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Vocabulary Word

Word: postmortem

Definition: autopsy; ADJ: occurring after death; of a postmortem


Sentences Containing 'postmortem'

"Chrysomya’s" primary importance to the field of medico-criminal forensic entomology is due to the genus’ reliable life cycle, allowing investigators to accurately develop a postmortem interval. "Chrysomya" adults are typically metallic colored with thick setae on the meron and plumose arista.
A post-mortem was carried out and no sign of semen was found.
Breaches of the Human Tissue Act. In August 2009 postmortem examinations had to be stopped at the hospital following an inspection which revealed serious breaches of the Human Tissue Act 2004, including the unauthorised storage of human brains.
Forensic entomologists use a variety of tools to determine post-mortem interval: Insect Collection.
Hall was heavily interrogated as to his method for figuring the post-mortem interval and important weather factors.
His death was treated as suspicious, as a post-mortem examination found him to have four broken ribs that led to his death.
Mir-34a is found overexpressed in the CSF and brain extracellular fluid in postmortem studies comparing patients with AD and controls
Occasionally suicides and assassins were buried upside down, as a post-mortem punishment and (as with burial at cross-roads) to inhibit the activities of the resulting undead.
On November 7, 2012, following the presidential election, Rubin published a 'post-mortem' column criticizing the unsuccessful Mitt Romney campaign as ineffectual. In response, others criticized Rubin as having been disingenuous or misleading during her pre-election coverage of the 2012 campaign.
Post-mortem examinations indicated some of the victims were beaten and then executed.
Taken together, the injuries appear to be a combination of battle wounds, which were the cause of death, followed by "post-mortem" "humiliation wounds" inflicted on the corpse.
The dopamine hypothesis is now thought to be simplistic, partly because newer antipsychotic medication (atypical antipsychotic medication) can be just as effective as older medication (typical antipsychotic medication), but also affects serotonin function and may have slightly less of a dopamine blocking effect. Interest has also focused on the neurotransmitter glutamate and the reduced function of the NMDA glutamate receptor in schizophrenia, largely because of the abnormally low levels of glutamate receptors found in the postmortem brains of those diagnosed with schizophrenia, and the discovery that glutamate-blocking drugs such as phencyclidine and ketamine can mimic the symptoms and cognitive problems associated with the condition.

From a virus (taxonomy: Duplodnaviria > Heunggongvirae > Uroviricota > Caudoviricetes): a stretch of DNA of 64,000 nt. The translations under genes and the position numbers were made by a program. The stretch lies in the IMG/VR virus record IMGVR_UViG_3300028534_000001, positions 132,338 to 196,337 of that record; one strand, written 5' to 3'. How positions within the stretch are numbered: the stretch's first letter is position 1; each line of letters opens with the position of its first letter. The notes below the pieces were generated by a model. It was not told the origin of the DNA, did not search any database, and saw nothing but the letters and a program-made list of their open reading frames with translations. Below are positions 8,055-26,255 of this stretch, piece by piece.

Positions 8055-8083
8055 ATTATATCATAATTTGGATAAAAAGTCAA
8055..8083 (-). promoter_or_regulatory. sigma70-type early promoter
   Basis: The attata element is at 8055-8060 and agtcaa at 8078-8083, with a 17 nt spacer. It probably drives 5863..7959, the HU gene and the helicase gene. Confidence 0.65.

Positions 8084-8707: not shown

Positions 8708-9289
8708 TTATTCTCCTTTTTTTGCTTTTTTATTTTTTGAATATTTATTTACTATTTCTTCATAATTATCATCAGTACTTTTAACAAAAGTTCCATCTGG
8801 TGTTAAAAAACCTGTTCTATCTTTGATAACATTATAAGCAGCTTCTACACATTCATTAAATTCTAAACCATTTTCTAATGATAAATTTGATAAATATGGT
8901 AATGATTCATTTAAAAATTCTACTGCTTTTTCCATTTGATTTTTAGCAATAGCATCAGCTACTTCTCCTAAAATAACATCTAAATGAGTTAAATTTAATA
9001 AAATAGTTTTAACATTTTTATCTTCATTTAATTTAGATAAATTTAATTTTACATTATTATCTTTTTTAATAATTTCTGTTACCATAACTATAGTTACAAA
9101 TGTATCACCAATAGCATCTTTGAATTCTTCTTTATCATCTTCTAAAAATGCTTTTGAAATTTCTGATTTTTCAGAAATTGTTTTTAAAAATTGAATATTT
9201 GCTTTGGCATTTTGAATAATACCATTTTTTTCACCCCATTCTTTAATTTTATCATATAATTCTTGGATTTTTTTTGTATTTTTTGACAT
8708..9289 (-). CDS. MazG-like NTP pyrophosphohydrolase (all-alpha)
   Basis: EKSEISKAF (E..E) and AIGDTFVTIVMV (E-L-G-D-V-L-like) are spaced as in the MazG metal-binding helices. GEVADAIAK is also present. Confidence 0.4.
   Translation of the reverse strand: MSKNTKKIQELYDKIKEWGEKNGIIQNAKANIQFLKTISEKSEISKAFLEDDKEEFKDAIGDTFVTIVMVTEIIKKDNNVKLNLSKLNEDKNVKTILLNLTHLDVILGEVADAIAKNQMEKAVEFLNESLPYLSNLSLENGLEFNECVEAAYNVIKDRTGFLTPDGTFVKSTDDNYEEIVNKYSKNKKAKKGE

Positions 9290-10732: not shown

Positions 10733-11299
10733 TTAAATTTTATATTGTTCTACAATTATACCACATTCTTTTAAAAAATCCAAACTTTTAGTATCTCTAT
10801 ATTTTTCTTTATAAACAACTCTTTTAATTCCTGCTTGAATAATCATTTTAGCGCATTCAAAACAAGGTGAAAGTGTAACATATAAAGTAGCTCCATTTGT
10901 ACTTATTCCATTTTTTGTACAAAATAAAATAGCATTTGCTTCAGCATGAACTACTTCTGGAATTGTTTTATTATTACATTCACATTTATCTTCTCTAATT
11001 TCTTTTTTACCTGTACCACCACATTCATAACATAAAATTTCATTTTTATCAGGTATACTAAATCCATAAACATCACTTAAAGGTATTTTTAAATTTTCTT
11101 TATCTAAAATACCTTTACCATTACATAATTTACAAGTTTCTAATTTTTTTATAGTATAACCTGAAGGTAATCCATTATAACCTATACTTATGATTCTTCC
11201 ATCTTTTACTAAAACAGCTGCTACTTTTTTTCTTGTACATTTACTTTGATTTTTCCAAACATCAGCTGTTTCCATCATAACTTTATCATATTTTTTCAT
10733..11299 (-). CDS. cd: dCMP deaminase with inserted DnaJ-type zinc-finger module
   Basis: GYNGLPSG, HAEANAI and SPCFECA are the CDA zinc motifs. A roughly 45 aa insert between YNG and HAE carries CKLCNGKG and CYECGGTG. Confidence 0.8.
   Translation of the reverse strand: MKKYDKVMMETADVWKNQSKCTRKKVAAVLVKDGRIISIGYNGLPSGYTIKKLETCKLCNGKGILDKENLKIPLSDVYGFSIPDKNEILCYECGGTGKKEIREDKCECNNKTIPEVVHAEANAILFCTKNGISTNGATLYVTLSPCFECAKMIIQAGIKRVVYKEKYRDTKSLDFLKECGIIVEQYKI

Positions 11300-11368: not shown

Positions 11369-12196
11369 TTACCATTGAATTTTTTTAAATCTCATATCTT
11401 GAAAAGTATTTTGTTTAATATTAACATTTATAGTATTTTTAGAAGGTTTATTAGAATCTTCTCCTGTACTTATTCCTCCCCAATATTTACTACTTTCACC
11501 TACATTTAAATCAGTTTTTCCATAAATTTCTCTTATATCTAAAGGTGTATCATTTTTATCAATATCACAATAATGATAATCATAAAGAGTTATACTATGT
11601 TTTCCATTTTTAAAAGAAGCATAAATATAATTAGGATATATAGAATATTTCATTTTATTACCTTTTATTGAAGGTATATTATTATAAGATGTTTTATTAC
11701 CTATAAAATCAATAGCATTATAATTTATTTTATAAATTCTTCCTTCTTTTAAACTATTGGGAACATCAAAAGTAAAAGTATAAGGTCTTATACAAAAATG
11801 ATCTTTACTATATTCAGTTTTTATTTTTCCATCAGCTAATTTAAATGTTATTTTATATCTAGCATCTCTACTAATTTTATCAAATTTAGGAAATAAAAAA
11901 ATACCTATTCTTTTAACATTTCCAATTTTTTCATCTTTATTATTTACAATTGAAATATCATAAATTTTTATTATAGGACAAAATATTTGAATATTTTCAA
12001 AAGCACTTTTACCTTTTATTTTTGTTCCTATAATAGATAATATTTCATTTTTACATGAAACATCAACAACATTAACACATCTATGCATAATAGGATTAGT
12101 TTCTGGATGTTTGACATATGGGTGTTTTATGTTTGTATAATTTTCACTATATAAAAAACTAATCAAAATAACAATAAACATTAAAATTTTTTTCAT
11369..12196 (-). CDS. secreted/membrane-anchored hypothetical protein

There was no evidence of foul play, and although suicide was suspected by some, there was no hard evidence for this and a post-mortem failed to determine the cause of death.
This chief importance is "Chrysomya’s" use as a means of developing an accurate postmortem interval in criminal investigations.
Two notable examples are "The Book Thief" by Markus Zusak, where the narrator is Death, and "The Lovely Bones" by Alice Sebold, where a young girl, having been killed, observes, from some post-mortem, extracorporeal viewpoint, her family struggling to cope with her disappearance.

More Vocab Words

::: subsistence - existence; means of subsisting; means of support; livelihood; V. subsist: exist; maintain life (at a meager level)
::: whittle - pare; cut away thin bits (from wood); fashion in this way; reduce gradually; trim
::: inured - accustomed; hardened; Ex. inured to the Alaskan cold; V. inure: make used to something undesirable; harden; CF. unfeeling
::: aristocracy - hereditary nobility; privileged class; government by nobility; N. aristocrat
::: labyrinth - maze
::: interrogate - question closely; cross-examine; cross-question
::: rustle - make slight sounds like silk moving or being rubbed together
::: stifle - suppress; extinguish; inhibit; smother or suffocate
::: blithe - (blithesome) gay; joyous
::: efface - rub out; remove the surface of